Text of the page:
The volatility adjustment allows insurers to increase the relevant risk-free interest rate term structure for the calculation of the best estimate by 65% of the portion of the spread of a reference portfolio that is not attributed to “a realistic assessment of expected losses or unexpected credit or other risk of the assets”. It follows from the draft Delegated Acts S2 that this – as with the matching adjustment – comes down to (65% of) the spread minus the fundamental spread. There is also an additional allowance for a risk-corrected country spread. The volatility adjustment applies only to the risk-free interest rates of the term structure that are not derived by means of extrapolation and the extrapolation of the term structure must be applied on those risk-free interest rates including the volatility adjustment.
As follows from its name, there is no requirement for the insurer to hold the assets in the reference portfolio, as is the case with respect to the matching adjustment. However, to the extent the assets actually held by the insurer differ from the assets in the reference portfolio, the effectiveness of the volatility adjustment will diminish.
The requirements to be met by the reference portfolio are set out in the draft Delegated Acts S2. We note that the reference portfolio may consist of bonds, securitisations, loans, equity and property, that the assets must be representative of the investments made by insurers (it seems, in general) to cover the best estimate and that, where available, the portfolio must be based on relevant indices. Member states may require prior approval by supervisory authorities for insurers to apply a volatility adjustment.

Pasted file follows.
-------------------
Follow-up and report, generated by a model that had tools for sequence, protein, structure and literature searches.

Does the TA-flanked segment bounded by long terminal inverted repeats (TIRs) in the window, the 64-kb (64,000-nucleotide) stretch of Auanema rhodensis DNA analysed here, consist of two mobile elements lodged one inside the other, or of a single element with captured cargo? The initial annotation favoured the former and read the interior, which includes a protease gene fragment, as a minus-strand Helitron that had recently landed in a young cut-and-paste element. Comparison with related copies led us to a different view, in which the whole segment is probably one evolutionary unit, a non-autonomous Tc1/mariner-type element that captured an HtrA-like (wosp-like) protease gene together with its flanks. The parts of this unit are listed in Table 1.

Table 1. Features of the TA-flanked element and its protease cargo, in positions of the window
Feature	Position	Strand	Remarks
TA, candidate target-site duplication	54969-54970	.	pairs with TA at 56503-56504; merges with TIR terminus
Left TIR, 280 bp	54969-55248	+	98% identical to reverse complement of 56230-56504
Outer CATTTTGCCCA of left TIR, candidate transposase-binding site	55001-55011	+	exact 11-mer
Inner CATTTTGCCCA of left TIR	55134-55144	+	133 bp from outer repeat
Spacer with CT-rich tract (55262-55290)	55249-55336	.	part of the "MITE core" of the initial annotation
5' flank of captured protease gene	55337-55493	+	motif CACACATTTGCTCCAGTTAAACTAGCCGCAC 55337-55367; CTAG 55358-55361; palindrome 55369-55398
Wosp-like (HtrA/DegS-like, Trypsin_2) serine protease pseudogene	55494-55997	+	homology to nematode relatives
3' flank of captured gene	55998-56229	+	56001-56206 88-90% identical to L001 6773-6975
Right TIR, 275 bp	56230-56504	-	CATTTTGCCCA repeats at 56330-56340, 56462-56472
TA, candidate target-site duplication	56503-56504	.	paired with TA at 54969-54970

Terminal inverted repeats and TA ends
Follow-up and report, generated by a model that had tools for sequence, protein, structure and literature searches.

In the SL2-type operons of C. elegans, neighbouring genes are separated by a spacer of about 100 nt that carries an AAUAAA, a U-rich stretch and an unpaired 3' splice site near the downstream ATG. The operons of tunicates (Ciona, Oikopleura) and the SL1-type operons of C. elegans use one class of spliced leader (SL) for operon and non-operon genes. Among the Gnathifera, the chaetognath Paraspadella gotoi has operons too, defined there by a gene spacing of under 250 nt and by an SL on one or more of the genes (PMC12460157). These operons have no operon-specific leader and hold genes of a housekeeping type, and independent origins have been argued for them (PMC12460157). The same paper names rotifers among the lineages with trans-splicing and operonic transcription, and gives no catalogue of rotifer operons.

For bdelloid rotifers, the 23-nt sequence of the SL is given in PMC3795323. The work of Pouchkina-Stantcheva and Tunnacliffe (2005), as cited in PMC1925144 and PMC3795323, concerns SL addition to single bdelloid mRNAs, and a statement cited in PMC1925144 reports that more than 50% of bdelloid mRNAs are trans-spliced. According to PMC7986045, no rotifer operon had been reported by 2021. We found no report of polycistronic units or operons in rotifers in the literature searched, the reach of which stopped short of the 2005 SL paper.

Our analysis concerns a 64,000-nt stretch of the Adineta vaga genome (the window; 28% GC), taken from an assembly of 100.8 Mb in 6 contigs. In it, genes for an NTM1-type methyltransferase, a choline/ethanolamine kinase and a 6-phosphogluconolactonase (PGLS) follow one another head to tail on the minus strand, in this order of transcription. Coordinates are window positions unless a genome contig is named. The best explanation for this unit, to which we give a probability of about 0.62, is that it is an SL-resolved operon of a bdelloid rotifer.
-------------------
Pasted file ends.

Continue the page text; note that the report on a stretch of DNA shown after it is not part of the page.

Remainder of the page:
The volatility adjustment cannot be combined with the matching adjustment. The interplay between the volatility adjustment and the transitional measure with respect to the risk-free interest rate structure is complicated, but effectively comes down to the transitional measure taking precedence, while the calculation is based on the volatility adjusted risk-free interest rate. The calculation under the transitional measure with respect to the technical provisions is based on the volatility adjusted risk-free interest rate, but it seems that the volatility adjustment can also be used in conjunction with the transitional measure.
The transitional measure with respect to the risk-free interest rate term structure allow insurers for insurance obligations existing on 31 December 2015, subject to prior approval by the supervisory authority, to phase into the S2 term structure over a period of 16 years. As many Dutch insurers use the DNB published risk-free interest rate term structure, we do not expect this transitional measure to be of much significance for them.
The transitional measure with respect to the technical provisions allow insurers, subject to prior approval by the supervisory authority, to phase into the S2 calculation of the technical provisions over a period of 16 years. The transitional measure seems to effectively only relate to insurance obligations existing on 31 December 2015.
These transitional measures may not be combined. See the sub-sections Matching adjustment and Volatility adjustment for the possibility of combining the transitional measures with the matching adjustment or the volatility adjustment.